There was no mention in the news broadcasts last night of the fact that Israel killed three people in Gaza earlier in the week in air strikes.

    Nor any mention of this killing of a 38 year old Jordanian judge by the IDF at the Allenby bridge on Monday.

    Jordan: IDF lying about Allenby incident, dead judge did not try to seize soldier’s gun

    And Cameron talks of two states.

  54. Welcome back Mary. There was quite a bit of speculation as to what had happened to you. Thanks for clearing that up.

  55. Ba'al Zevul (Quantum Sense)

    13 Mar, 2014 - 8:53 am

    “I don’t think you can deny the existence of the phenomenon/threat. Surely that is shown by the fact of the London bombings.” (Hab)

    Which were not picked up, let alone prevented, by surveillance. The reason being there was nothing to distinguish these lads from anyone walking past the numerous CCTV cameras en route without bombs. In any imaginable case, there is far too much irrelevant data on a CCTV record to be of any use before the event, and CCTV can only be useful in identifying perpetrators long after the victims have died. Scrub CCTV, then. It’s not for our protection, and as far as suicide bombers are concerned, it’s pretty pointless when it comes to bringing them to justice. Humint failed completely to flag up the bombers: and any self-respecting terrorist must surely know how not to leave a humint footprint by now. The rationale seems to be that as “our” quarry behaves exactly like any other citizen, all citizens are now suspects. Twisted logic. And bang goes our liberal democracy. Terrorists 1, democrats 0.

  56. Ba'al Zevul (Quantum Sense)

    13 Mar, 2014 - 8:59 am

    “There was no mention in the news broadcasts last night of the fact that Israel killed three people in Gaza earlier in the week in air strikes.”

    There was this morning. However,I recall no mention of the earlier attacks when they actually happened. Perhaps last week’s celebrity [insert name here] was getting an award for being fairly well known?

  57. A PS – the reality for the Palestinian people.

    10 March. Origin – Palestine Monitoring Group.

    Israeli Army shoots dead Palestinian bus passenger
    West Bank villager shot dead by Israeli Army
    Israeli Navy opens fire on Palestinian fishing boats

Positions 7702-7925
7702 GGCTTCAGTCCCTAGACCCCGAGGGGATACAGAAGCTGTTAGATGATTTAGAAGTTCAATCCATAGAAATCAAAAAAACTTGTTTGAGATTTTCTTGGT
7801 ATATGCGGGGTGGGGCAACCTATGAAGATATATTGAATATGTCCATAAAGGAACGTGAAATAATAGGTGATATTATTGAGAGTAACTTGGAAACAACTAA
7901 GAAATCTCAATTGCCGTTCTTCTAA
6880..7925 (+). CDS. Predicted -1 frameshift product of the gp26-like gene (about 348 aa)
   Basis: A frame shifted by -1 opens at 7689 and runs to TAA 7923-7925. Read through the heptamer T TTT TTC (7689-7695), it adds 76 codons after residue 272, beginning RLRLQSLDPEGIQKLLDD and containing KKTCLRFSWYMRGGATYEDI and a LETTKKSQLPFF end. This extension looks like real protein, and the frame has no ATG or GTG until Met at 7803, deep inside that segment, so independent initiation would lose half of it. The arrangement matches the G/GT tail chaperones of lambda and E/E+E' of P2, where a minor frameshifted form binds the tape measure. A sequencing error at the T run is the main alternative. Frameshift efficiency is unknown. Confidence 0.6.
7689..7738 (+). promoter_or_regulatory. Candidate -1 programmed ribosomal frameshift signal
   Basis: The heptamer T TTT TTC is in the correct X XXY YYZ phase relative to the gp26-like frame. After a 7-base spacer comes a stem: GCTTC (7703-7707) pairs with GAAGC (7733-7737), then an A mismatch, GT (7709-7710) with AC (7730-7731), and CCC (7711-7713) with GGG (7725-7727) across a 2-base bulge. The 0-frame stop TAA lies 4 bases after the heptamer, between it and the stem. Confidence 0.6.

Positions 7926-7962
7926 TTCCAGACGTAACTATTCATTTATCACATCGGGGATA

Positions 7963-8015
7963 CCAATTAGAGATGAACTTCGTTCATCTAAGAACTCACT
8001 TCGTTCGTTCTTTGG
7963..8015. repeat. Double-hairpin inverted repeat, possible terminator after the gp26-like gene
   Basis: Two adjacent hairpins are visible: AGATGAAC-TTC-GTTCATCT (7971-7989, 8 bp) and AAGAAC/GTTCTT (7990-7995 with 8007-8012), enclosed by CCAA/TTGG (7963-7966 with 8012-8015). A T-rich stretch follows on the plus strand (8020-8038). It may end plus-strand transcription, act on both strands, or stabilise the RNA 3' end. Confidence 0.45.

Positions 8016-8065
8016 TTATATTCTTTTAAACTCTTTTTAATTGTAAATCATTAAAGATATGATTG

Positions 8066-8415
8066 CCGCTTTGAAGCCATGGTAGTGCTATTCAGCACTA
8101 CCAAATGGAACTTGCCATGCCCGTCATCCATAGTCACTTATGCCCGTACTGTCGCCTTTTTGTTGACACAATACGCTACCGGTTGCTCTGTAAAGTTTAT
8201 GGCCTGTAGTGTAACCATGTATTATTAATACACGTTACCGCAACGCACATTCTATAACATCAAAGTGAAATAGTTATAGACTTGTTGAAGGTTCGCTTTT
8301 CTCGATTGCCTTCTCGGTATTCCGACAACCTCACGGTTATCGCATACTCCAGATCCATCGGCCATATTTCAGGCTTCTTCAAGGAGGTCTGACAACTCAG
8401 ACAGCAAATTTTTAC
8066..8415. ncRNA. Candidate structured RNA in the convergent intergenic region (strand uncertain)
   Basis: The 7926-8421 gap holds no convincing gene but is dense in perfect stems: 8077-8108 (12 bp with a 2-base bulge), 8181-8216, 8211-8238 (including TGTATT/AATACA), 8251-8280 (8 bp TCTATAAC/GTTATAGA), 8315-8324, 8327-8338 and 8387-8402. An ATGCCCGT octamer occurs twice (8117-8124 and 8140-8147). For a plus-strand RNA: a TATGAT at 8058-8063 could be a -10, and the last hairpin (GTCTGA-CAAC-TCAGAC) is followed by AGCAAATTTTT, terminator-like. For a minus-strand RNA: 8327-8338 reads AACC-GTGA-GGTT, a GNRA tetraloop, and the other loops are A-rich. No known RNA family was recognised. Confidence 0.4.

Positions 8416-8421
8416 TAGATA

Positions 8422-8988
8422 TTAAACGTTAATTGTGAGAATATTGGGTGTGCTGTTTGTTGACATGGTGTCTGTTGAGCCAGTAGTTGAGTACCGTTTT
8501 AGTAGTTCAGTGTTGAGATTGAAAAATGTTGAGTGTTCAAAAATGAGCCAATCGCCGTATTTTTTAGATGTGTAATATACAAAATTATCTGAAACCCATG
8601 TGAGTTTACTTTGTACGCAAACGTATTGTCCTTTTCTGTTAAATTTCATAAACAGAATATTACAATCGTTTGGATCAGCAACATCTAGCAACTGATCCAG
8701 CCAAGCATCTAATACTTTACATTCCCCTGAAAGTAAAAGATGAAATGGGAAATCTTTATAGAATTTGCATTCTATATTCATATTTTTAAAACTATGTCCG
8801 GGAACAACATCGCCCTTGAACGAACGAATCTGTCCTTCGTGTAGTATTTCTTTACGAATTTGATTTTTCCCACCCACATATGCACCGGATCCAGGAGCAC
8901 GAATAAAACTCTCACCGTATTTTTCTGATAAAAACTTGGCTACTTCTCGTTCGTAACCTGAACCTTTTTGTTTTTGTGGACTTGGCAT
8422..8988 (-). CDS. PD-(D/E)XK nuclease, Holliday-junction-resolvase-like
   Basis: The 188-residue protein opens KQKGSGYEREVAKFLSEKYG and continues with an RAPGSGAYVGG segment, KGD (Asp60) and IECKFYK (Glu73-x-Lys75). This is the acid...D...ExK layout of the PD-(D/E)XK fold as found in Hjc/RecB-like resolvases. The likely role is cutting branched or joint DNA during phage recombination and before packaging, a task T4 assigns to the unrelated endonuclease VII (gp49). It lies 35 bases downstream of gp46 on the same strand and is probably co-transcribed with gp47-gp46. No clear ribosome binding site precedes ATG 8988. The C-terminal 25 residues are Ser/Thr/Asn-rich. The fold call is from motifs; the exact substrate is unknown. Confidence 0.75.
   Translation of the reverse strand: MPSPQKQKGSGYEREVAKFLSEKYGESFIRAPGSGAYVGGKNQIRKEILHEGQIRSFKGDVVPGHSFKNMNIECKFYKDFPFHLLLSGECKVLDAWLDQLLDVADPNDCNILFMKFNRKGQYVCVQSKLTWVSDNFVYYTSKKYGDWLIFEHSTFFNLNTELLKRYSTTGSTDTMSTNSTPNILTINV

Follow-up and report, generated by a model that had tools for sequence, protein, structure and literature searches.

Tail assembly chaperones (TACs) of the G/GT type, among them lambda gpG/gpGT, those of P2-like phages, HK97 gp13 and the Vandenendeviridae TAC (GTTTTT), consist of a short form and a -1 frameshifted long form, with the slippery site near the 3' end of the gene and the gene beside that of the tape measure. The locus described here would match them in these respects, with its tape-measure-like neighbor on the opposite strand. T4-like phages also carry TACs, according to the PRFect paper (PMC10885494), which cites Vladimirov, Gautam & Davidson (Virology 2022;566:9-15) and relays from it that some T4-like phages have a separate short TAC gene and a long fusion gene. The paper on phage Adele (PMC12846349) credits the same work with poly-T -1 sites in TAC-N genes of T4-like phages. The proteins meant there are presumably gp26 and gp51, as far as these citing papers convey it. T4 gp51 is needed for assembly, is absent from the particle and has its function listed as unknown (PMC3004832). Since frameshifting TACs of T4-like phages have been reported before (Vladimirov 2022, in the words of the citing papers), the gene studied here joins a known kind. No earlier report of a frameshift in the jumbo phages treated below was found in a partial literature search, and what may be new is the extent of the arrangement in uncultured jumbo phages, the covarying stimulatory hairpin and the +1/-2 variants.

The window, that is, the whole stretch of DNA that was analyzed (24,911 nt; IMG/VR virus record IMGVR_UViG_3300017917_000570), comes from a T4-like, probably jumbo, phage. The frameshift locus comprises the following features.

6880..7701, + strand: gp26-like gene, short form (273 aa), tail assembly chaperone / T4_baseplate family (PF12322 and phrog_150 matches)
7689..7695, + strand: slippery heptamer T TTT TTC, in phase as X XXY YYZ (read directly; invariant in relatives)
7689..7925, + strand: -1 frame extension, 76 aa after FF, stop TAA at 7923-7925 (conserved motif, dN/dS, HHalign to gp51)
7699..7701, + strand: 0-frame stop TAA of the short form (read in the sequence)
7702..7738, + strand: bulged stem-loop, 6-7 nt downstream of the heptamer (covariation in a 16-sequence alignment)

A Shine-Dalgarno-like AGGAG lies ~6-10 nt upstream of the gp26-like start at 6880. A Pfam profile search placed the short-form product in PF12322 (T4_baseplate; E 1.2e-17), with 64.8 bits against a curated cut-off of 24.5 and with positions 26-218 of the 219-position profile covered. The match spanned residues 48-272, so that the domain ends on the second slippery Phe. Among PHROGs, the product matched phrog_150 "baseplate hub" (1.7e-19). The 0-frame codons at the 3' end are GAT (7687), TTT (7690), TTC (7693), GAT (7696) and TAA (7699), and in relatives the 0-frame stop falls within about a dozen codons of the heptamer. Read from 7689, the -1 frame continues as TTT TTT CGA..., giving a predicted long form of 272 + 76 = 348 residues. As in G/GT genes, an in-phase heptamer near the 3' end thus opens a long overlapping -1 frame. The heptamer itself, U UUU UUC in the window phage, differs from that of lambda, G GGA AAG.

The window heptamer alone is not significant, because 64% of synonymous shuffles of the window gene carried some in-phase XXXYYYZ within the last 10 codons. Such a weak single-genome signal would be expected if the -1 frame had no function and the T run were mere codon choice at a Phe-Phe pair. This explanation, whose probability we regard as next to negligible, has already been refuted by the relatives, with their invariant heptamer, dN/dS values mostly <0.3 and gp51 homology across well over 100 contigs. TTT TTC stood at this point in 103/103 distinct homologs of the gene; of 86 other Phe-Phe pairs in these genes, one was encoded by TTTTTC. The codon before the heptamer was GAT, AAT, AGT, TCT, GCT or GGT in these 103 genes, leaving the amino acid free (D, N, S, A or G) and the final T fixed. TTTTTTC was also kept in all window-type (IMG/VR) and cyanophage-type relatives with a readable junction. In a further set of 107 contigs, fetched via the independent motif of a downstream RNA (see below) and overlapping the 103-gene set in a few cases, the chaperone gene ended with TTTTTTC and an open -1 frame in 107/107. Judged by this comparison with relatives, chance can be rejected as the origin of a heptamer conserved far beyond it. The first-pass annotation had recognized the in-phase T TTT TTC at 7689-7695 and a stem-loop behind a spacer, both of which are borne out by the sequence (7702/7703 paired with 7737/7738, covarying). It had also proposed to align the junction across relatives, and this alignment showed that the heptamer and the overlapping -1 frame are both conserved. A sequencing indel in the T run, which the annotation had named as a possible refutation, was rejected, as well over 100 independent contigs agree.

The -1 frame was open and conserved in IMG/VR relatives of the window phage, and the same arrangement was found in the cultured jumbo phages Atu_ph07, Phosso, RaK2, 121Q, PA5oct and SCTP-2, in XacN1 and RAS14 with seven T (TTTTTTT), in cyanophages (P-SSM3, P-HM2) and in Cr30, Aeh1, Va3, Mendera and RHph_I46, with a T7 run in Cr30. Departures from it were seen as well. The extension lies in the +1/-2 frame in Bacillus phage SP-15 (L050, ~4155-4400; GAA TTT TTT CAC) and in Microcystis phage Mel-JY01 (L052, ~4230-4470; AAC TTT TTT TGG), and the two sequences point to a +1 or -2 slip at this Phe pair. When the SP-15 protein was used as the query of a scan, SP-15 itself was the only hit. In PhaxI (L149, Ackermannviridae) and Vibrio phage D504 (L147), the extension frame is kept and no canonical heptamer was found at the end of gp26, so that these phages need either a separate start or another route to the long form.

Gaza incursion: shelling and live fire as Israeli Army destroys crops
    Israeli Army home invasion and occupation – beating – hospitalisation
    Occupation settlers annex Palestinian farmland and uproot olive trees
    Zionist fanatics annex Palestinian farmland and bulldoze crops
    Israeli Army destroys part of West Bank village public park
    Israeli soldiers abduct 4 Palestinian minors aged 16 to 17
    Night peace disruption and/or home invasions in 14 towns and villages

    4 attacks – 22 raids including home invasions
    1 beaten – 2 dead – 4 injured
    4 acts of agricultural/economic sabotage
    11 taken prisoner – 10 detained – 108 restrictions of movement

  58. One reason for the silence in Britain is that the main opposition party, Labour, was as involved in creating the surveillance state as the current government is in continuing it.

    Things become political issues when they are taken up by political parties.

  59. How about Grieve going to the Supreme Court on this decision? Rather too much doffing of the forelock Dominic I would say.

    Prince Charles letters: attorney general acted unlawfully, say senior judges
    Ruling in the court of appeal backs Guardian campaign to have letters to ministers released under freedom of information law

    Yet he saw no injustice in Dr David Kelly having had no inquest when an appeal was made to him in the High Court in December 2011.


    Meanwhile the ugly royal camp followers were at Cheltenham yesterday in their ugly hats and ugly clothes put on their backs by us, the serf taxpayers.

    Camilla likes the colour of money by the look on her face as she counts her winnings. Hard to tell the horses from the humans.

    Horrible in close up.

    Some of the other riff raff.

    Only three horses have been killed so far. So that’s alright then.

  60. Ba'al Zevul (Who You Lookin At?)

    13 Mar, 2014 - 11:24 am

    I’m horrible in closeup, too, Mary. Lay off. Uglyist.

  61. Rather late in the day from the PSC when he is already there with his 19 strong business leaders delegation.

    PSC update: David Cameron visits Israel
    March 12, 2014

    In a week when 6 Palestinians have been killed by Israeli troops within 24 hours David Cameron is flying off to Israel saying “I’ve got a planeload of innovative British companies coming with me and we’ll be linking them up with Israeli businesses so they can forge new partnerships.”

    Tell David Cameron whilst occupation, apartheid and killing are business as usual for Israel, there should be no business with Israel.

    Call for David Cameron to: